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Vasily Smyslov vs Jorge Alberto Rubinetti
Palma de Mallorca Interzonal (1970), Palma de Mallorca ESP, rd 21, Dec-08
Catalan Opening: Closed Variation (E08)  ·  1-0

ANALYSIS [x]

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Kibitzer's Corner
< Earlier Kibitzing  · PAGE 2 OF 2 ·  Later Kibitzing>
Feb-11-06  sagahelten: patzer2: What forces black to play 41... Ng6?? after Kxf5? Fritz suggests the following line: 41. Kxf5 Ba6 42. Ra1 Bc4 43. Nxh7 Rb1 44. Nf6 Rxh1 45. Rxh1 46. Qb3 with little advantage for white.
Feb-11-06  Rastus: I thought that 41. Rxh7 was winning with a forced mate but, as usual, I hallucinated an incorrect continuation. So I consulted Chess Tiger and discovered that ... 44. a1Q saves black, as discussed. So, even if I had found Smyslov's variation (fat chance!) I still would have been wrong?
Feb-11-06  euripides: Another try is 42...Kf8 43 Qh6+ Ke8 44 Ng8+ !? when 44..Rxg8 45 Qd6+ Ke8 46 Qxb8+ Ke7 47 Qxg8 Qxc3 48 Qg1 may be good and 44 ...Kd7 45 Qd6+ mates, but 44...Ke8 seems difficult to crack e.g. 45 Qc6+ Kf8.
Feb-11-06  Eatman: Have to admit I saw Rxh7 quickly but thought that black was escaping with Kf8 instead of Nxg5. Turns out I was right, but I certainly didn't see a1Q later on.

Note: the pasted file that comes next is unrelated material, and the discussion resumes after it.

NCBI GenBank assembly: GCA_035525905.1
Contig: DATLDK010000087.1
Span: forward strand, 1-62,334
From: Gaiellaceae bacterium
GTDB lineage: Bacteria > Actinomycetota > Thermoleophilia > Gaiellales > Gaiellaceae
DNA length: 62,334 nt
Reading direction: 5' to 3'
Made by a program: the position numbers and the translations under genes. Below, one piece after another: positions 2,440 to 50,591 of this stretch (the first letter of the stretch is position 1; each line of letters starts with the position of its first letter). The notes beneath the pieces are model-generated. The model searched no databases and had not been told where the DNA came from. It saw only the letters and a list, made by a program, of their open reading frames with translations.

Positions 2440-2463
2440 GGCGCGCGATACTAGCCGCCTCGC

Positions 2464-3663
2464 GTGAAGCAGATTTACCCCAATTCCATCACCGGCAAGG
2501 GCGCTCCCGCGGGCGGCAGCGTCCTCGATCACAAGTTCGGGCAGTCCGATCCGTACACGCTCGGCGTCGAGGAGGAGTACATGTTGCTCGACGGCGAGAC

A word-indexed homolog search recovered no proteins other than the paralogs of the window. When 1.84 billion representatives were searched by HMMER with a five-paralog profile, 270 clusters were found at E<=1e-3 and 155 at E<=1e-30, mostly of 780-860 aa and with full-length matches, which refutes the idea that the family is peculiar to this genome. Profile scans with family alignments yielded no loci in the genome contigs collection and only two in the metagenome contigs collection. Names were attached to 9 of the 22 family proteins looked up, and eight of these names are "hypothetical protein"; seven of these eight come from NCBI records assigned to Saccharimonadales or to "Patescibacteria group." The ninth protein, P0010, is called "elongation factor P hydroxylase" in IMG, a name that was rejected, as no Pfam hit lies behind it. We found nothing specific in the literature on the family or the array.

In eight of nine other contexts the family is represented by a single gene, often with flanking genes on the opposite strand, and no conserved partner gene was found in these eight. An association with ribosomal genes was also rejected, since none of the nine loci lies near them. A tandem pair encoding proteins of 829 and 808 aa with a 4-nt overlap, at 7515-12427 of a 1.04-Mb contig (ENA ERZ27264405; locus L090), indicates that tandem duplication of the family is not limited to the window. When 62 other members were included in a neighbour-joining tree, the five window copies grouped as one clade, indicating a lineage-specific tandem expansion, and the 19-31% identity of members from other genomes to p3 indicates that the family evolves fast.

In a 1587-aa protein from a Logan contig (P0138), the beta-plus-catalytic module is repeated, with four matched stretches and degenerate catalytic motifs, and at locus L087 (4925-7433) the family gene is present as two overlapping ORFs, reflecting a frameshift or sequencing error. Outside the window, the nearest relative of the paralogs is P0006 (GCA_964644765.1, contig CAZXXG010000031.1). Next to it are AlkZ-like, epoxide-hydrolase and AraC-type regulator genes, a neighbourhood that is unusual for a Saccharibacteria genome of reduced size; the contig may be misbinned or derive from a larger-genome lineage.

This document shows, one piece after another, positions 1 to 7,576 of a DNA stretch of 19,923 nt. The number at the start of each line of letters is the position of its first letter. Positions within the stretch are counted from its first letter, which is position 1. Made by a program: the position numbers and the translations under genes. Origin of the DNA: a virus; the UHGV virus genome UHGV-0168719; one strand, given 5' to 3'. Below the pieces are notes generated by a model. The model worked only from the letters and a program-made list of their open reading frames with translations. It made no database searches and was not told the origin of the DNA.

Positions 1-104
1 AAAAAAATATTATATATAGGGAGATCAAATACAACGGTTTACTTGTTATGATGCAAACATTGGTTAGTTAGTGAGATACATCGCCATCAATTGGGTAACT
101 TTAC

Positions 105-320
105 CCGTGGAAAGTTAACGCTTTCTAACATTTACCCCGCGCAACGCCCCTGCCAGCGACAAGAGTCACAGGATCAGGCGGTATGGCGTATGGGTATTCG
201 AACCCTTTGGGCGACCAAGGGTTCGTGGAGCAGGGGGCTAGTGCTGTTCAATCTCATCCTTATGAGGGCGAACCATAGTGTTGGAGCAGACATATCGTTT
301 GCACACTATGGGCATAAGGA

Feb-11-06  Scarecrow: Well, I for one thought it was 41. Nxh7 Nxh7 42. Rxh7+ Kxh7 (just supposed that Black would take everything) 43. Qh2+ Kg8 44. Rh1 and now 44. - Kf8 is mate in five, so Black has to play 44. - Qc1+ 45. Rxc1 (Rb1 46. Rh1 Rxh1 47. Qxh1 )

(43. - Kg6?? 44. Qh6#, 43. - Kg7 44. Qh6+ Kg8 45. Rh1 and now only 45. - Qc1+ 46. Rxc1 saves Black from mate)

Unfortunately, only after a few million nodes even Sigma Chess Lite gives 41. - Ne6+ better for Black.

Feb-11-06  monad: What a mess!

My eye fell on <41.Kxf5> first thing, which <sort of trickles along after 41...Qb3.>

For a change I seem to have picked a better one than Mr. Smyslov. But then...to win after such a blunder from Black can't have given him satisfaction,

Why did Black blunder AFTER the time limit had been reached? What was the haste for playing 44...Qxc3?